Academic journal article Forum on Public Policy: A Journal of the Oxford Round Table

Reason's Personal and Public Roles in Meeting Snow's Challenge

Academic journal article Forum on Public Policy: A Journal of the Oxford Round Table

Reason's Personal and Public Roles in Meeting Snow's Challenge

Article excerpt


C.P. Snow left quite a challenge; one he was not at all sure could be met. The question is whether humans might individually reach a degree of integration such that they are able to participate meaningfully in both the culture of science and that of which modern literature is emblematic? Can inquirers take up, to some life changing degree, the findings of science and the modernist (or even postmodernist) leanings of recent and contemporary literature? Can they take up (and use) realist and empiricist inquiries into the physical existence of which humans are a part and in which they find their way forward in progress, whilst embracing literature that treats us with "...ahistoricity: [and offers up a] static view of the human condition (meaning by this mainly what [Snow has] called the social condition)"? (See Snow, 1964, p. 95.) But even more, the challenge is to put this integrated intellectual culture to work for the amelioration of the human condition. Assuming inquirers can sort out the defensible from the indefensible uses of science, can they move forward to employ it? In 1963 Snow did not believe humans were yet ready:

   Escaping the dangers of applied science is one thing. Doing the
   simple and manifest good which applied science has put in our power
   is another, more difficult, more demanding of human qualities, and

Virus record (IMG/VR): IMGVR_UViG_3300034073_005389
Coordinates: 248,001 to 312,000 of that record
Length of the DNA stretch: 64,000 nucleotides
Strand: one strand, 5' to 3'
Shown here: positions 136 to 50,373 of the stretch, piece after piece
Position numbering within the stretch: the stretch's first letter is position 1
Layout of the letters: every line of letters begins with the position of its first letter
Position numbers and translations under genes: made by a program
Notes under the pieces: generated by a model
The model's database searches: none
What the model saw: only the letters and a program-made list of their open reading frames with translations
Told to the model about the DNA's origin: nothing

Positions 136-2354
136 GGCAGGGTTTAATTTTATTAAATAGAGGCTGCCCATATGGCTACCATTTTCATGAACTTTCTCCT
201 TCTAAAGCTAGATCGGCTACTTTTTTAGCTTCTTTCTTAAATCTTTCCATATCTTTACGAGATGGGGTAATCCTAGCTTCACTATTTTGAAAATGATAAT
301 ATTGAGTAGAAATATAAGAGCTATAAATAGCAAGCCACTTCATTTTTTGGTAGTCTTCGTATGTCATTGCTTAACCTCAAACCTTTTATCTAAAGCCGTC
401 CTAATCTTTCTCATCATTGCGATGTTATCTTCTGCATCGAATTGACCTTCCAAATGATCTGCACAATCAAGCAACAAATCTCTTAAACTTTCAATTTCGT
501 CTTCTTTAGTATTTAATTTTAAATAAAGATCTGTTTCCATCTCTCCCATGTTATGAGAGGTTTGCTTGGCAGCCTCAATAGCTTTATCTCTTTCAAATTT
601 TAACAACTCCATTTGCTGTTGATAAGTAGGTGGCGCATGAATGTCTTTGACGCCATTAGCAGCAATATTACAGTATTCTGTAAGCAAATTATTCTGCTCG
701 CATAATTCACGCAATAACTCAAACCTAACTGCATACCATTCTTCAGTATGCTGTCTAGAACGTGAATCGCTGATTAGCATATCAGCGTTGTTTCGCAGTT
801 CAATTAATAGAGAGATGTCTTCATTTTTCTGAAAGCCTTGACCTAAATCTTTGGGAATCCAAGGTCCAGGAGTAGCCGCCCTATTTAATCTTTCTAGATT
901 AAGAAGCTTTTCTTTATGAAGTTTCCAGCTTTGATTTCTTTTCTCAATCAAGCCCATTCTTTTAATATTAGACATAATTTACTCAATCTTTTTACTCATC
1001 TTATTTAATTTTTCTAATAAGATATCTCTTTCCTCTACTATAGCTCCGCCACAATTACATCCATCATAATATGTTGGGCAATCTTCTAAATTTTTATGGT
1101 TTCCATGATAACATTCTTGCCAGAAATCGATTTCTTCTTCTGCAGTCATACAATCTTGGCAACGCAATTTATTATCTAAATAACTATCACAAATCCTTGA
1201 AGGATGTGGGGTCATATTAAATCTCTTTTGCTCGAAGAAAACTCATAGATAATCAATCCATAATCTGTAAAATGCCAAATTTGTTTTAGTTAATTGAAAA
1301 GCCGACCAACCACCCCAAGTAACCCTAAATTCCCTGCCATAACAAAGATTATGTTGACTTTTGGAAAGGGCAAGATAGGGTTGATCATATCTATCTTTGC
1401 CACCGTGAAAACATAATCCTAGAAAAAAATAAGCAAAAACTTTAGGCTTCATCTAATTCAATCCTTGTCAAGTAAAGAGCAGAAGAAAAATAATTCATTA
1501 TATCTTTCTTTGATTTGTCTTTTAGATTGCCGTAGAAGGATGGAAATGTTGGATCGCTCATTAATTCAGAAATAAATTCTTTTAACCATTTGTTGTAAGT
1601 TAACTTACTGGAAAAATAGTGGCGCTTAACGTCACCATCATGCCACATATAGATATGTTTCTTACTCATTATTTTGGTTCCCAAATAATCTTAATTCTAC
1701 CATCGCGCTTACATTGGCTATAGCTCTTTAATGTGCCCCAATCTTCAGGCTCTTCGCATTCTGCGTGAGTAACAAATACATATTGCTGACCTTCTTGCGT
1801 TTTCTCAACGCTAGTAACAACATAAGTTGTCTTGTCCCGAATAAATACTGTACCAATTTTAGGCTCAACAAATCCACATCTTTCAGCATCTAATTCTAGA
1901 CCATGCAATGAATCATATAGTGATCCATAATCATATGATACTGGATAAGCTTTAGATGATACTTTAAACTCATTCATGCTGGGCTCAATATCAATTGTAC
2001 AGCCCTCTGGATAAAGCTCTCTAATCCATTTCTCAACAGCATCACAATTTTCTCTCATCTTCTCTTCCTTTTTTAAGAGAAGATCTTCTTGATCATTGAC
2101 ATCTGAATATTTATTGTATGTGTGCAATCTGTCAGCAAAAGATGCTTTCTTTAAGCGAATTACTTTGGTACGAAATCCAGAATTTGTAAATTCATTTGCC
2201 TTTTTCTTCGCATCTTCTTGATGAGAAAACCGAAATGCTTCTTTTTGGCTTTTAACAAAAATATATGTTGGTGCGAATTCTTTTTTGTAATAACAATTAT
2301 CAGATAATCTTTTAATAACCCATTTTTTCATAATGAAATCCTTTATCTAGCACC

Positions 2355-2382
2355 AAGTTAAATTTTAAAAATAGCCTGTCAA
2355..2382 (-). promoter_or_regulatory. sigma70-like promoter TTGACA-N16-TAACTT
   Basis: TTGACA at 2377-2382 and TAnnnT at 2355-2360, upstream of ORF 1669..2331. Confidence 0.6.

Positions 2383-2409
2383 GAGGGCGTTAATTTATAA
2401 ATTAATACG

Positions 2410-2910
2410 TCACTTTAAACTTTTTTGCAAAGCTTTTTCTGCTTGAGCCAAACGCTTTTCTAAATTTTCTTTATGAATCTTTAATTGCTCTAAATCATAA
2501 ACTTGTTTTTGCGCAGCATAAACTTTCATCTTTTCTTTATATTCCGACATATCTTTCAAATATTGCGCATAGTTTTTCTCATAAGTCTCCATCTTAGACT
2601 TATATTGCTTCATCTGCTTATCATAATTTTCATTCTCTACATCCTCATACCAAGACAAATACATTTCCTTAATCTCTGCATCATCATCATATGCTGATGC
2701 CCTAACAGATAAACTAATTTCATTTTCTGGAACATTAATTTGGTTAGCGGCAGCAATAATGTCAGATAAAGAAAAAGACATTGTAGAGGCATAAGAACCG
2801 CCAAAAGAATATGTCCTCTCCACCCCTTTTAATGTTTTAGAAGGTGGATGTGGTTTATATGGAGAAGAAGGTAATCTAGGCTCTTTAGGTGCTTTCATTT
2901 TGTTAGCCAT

in the long run far more enriching to us all. It will need energy,
   self-knowledge, and new skills. It will need new perceptions into
   both closed and open politics. (1964, p. 99)

Apparently, Snow thought education adequate to the task, but only for some.

   With good fortune, however, we can educate a large proportion of
   our better minds so that they are not ignorant of imaginative
   experience, both in the arts and in science, nor ignorant either of
   the endowments of applied science, of the remediable suffering of
   most of their fellow humans, and of the responsibilities which,
   once they are seen, cannot be denied. (1964, p. 100)

Thus, apparently, the project is one of directing or channeling human goodness. And Snow seems to have felt that perhaps there are enough with that endowment.

   If we are not members one of another, if we have no sympathy at
   this elemental level, then we have no human concern at all, and any
   pretense of a higher kind of sympathy is a mockery. Fortunately
   most of us are not so affectless as that. (1964, p. 85)

This is challenge, then: to inform, to shape the intellect of many so as to create a culture in which people are ready to use science for the good of all at least so far as to provide basic needs. In this work literature or more generally the arts and humanities, or simply sensibility, cannot be forgotten. They are present, will abide, and do inform the thought and feeling of many. But it seems that the cultures of science and that of technology are to be integrated or amalgamated with the social sciences, and the resulting third culture of progressive action is to be brought to an intellectual peace with the culture of sensibility; a peace deep enough that self-control and concern for others will take society forward into a better future.

Today public cynicism would dismiss such a project as mere sentimentalism. But for its time, a challenge such as Snow's was not surprising. When he gave his Rede lecture (1959) the world, perhaps more clearly than now, appeared divided in dangerous and difficult ways. The threat was personal and palpable, made clearly visible by deadly and widely available nuclear technology. Other thinkers recently had expressed hopes similar to those of Snow. For example, not too many years earlier the Nobel laureate Bergson called for human amelioration in Creative Evolution and in The Two Sources of Morality and Religion. (See Bergson, 2005 and 1935.) At the time of Snow's lecture, Lord Russell's social program, one with aspirations not greatly different from those of Snow, was articulated with attention to strategies of realization. …

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